Containers are stacked aboard an LNG-powered ship at the port of Le Havre in France on January 21. The European Commission plans to include shipping in its emissions trading system. Photo: Bloomberg Containers are stacked aboard an LNG-powered ship at the port of Le Havre in France on January 21. The European Commission plans to include shipping in its emissions trading system. Photo: Bloomberg
Containers are stacked aboard an LNG-powered ship at the port of Le Havre in France on January 21. The European Commission plans to include shipping in its emissions trading system. Photo: Bloomberg
Esben Poulsson
Opinion

Opinion

The View by Esben Poulsson

After Suez Canal crisis, EU’s bid to cut carbon emissions in shipping threatens Asia-Europe trade

  • By extending its emissions trading system to shipping, the European Commission could unfairly tax intra-Asian trade and jeopardise multilateral efforts to reduce pollution
  • Instead, the EU should support the industry’s US$5 billion R&D fund to finance a decarbonised global fleet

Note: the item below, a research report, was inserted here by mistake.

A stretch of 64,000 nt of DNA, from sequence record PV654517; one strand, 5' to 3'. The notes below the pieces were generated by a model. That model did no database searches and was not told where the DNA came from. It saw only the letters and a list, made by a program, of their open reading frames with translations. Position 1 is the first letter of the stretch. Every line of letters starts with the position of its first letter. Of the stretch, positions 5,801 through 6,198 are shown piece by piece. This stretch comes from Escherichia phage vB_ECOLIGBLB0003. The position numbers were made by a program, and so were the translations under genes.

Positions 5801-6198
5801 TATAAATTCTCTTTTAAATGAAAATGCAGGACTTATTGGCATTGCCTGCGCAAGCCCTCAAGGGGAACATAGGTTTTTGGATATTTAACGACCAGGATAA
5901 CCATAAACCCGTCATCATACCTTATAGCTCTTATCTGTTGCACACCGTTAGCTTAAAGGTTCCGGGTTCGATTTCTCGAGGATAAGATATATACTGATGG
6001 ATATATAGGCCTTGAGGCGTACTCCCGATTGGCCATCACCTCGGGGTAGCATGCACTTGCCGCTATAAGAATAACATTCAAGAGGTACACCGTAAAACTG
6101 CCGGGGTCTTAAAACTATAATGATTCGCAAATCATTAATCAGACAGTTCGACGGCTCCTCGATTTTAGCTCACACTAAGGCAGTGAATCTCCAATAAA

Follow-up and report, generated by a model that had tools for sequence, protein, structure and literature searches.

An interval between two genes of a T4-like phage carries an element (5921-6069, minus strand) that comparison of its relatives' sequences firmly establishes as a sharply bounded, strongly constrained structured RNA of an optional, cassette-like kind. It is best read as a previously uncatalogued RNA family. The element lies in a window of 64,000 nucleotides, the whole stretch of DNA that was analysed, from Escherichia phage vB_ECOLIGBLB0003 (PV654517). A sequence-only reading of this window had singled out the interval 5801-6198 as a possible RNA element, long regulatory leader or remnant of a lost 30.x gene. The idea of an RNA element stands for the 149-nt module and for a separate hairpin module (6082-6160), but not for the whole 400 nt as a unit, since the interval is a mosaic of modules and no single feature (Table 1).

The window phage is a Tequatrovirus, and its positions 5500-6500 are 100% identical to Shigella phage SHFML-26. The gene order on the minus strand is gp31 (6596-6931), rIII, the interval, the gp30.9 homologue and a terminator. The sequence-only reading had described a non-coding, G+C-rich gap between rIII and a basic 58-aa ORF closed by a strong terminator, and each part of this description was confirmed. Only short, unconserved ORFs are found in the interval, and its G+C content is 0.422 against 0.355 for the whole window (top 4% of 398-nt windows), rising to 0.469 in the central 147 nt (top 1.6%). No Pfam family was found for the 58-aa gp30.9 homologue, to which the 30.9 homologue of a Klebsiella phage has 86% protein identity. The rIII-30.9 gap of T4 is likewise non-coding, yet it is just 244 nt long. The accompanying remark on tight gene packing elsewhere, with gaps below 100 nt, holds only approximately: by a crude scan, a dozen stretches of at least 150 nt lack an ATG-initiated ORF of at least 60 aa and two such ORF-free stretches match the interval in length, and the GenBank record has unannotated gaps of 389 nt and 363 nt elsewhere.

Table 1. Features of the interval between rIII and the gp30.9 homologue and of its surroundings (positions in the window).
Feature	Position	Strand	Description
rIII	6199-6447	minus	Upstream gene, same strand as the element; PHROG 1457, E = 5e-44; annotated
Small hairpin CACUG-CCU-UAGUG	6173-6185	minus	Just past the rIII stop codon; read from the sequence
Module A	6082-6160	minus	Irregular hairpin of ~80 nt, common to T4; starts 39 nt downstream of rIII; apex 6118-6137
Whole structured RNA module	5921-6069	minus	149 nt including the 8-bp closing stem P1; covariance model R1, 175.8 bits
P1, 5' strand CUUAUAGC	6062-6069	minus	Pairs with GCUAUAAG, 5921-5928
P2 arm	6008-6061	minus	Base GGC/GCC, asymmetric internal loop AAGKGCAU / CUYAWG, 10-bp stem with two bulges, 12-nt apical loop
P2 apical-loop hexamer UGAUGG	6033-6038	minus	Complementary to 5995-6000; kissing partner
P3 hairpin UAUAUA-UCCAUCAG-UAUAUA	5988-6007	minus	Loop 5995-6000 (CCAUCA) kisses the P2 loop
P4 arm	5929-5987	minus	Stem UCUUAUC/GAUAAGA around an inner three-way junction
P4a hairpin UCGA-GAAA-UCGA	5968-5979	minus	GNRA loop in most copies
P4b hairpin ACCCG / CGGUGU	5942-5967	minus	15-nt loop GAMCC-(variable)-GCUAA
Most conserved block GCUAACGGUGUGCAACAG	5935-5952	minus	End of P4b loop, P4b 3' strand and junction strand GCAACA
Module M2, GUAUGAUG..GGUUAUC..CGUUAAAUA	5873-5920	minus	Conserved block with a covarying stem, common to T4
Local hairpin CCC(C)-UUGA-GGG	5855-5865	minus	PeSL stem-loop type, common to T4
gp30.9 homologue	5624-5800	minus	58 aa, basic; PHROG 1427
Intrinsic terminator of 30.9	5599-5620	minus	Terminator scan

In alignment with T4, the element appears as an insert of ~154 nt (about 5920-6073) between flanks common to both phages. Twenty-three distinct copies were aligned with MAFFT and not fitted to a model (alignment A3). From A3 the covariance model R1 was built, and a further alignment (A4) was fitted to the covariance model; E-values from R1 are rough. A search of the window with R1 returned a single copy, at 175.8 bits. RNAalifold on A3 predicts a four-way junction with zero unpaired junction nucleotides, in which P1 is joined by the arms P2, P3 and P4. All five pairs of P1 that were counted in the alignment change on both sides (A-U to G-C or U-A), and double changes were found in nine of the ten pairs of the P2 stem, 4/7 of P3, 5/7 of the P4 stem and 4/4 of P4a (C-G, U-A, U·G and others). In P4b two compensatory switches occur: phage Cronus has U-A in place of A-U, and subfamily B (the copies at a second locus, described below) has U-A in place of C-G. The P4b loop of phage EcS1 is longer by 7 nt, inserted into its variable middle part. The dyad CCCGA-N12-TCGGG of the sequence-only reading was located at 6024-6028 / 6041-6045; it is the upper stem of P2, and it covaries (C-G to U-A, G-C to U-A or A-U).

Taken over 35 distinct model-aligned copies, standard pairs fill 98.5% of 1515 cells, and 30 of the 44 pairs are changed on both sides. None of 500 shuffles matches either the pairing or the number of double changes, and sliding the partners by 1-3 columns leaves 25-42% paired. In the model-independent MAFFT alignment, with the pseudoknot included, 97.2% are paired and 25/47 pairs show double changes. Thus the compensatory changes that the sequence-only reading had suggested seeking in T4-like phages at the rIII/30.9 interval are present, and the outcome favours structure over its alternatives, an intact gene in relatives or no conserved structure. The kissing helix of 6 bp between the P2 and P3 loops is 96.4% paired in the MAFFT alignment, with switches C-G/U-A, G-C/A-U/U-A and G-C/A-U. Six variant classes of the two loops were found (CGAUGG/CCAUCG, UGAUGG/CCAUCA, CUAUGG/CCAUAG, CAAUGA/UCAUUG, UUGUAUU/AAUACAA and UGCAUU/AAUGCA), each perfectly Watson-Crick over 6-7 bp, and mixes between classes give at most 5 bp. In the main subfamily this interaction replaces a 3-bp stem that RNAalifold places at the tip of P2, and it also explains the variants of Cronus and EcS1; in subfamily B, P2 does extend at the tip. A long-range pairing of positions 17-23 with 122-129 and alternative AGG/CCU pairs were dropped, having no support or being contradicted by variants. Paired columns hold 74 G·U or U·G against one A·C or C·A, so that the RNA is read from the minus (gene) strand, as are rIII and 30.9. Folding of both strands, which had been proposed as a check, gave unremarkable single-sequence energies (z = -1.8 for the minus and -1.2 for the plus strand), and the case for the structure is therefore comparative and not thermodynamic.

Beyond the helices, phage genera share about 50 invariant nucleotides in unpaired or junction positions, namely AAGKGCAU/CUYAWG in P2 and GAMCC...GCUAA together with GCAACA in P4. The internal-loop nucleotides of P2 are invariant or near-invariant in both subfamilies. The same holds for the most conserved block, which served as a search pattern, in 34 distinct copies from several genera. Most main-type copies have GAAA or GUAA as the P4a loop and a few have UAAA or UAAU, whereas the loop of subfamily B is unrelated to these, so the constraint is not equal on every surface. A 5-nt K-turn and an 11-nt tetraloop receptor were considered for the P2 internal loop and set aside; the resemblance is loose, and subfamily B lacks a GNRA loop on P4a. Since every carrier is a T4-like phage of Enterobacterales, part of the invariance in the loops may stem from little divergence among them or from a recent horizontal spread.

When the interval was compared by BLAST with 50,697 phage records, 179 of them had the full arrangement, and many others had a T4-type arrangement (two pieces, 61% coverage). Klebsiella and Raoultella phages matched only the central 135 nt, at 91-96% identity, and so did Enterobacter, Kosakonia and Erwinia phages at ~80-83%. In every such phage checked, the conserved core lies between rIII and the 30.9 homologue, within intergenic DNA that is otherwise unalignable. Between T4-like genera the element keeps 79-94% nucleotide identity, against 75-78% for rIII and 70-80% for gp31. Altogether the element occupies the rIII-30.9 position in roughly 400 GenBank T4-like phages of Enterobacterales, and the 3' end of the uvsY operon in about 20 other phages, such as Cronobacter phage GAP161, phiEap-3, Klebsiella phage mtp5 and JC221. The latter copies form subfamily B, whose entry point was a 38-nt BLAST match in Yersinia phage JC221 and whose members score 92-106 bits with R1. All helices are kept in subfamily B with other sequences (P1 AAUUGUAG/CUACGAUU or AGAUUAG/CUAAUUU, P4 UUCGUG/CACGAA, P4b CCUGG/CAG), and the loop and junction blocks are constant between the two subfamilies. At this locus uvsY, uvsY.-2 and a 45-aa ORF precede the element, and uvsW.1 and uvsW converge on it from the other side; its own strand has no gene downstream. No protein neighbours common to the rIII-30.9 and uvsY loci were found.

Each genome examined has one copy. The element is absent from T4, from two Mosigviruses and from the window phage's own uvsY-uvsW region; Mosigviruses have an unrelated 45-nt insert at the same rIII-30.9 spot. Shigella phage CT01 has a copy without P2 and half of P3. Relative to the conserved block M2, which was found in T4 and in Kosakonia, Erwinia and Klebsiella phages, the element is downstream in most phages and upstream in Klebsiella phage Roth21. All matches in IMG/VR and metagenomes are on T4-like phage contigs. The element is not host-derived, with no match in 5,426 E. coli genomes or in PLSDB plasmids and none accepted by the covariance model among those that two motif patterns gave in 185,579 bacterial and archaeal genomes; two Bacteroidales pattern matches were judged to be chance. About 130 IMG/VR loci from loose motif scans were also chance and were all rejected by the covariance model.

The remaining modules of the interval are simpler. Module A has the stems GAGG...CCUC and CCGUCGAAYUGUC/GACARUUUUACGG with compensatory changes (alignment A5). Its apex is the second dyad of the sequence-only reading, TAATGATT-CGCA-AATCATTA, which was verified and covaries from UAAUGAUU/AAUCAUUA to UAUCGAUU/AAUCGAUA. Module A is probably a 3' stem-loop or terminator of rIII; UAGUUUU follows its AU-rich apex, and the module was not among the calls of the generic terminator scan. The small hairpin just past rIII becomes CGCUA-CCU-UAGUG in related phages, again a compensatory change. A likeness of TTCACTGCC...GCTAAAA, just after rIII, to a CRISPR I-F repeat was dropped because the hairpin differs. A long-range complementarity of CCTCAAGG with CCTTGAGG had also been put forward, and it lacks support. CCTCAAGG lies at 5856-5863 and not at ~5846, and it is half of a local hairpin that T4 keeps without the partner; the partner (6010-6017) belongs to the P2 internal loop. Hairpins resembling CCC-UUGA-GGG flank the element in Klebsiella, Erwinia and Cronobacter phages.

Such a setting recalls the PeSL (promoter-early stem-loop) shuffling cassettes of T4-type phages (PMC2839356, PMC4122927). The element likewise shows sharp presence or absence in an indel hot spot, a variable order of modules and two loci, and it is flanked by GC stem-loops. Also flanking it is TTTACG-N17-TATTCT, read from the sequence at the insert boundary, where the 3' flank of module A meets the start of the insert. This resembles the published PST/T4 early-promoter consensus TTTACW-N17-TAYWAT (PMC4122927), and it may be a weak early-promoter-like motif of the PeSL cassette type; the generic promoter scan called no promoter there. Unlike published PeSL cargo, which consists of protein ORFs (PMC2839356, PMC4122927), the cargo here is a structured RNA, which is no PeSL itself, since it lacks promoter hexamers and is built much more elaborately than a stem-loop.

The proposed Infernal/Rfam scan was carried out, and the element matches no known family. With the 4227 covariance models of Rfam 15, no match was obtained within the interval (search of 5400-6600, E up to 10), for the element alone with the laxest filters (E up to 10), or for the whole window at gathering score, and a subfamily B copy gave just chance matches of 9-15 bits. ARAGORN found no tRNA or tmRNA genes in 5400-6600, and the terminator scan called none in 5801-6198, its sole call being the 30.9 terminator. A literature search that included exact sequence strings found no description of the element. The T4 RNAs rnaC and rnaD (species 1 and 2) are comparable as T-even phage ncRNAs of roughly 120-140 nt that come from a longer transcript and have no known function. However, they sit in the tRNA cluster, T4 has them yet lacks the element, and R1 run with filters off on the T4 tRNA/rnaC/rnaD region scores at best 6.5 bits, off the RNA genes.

Containers are stacked aboard an LNG-powered ship at the port of Le Havre in France on January 21. The European Commission plans to include shipping in its emissions trading system. Photo: Bloomberg Containers are stacked aboard an LNG-powered ship at the port of Le Havre in France on January 21. The European Commission plans to include shipping in its emissions trading system. Photo: Bloomberg
Containers are stacked aboard an LNG-powered ship at the port of Le Havre in France on January 21. The European Commission plans to include shipping in its emissions trading system. Photo: Bloomberg
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Esben Poulsson

Esben Poulsson

Esben Poulsson is chairman of the International Chamber of Shipping.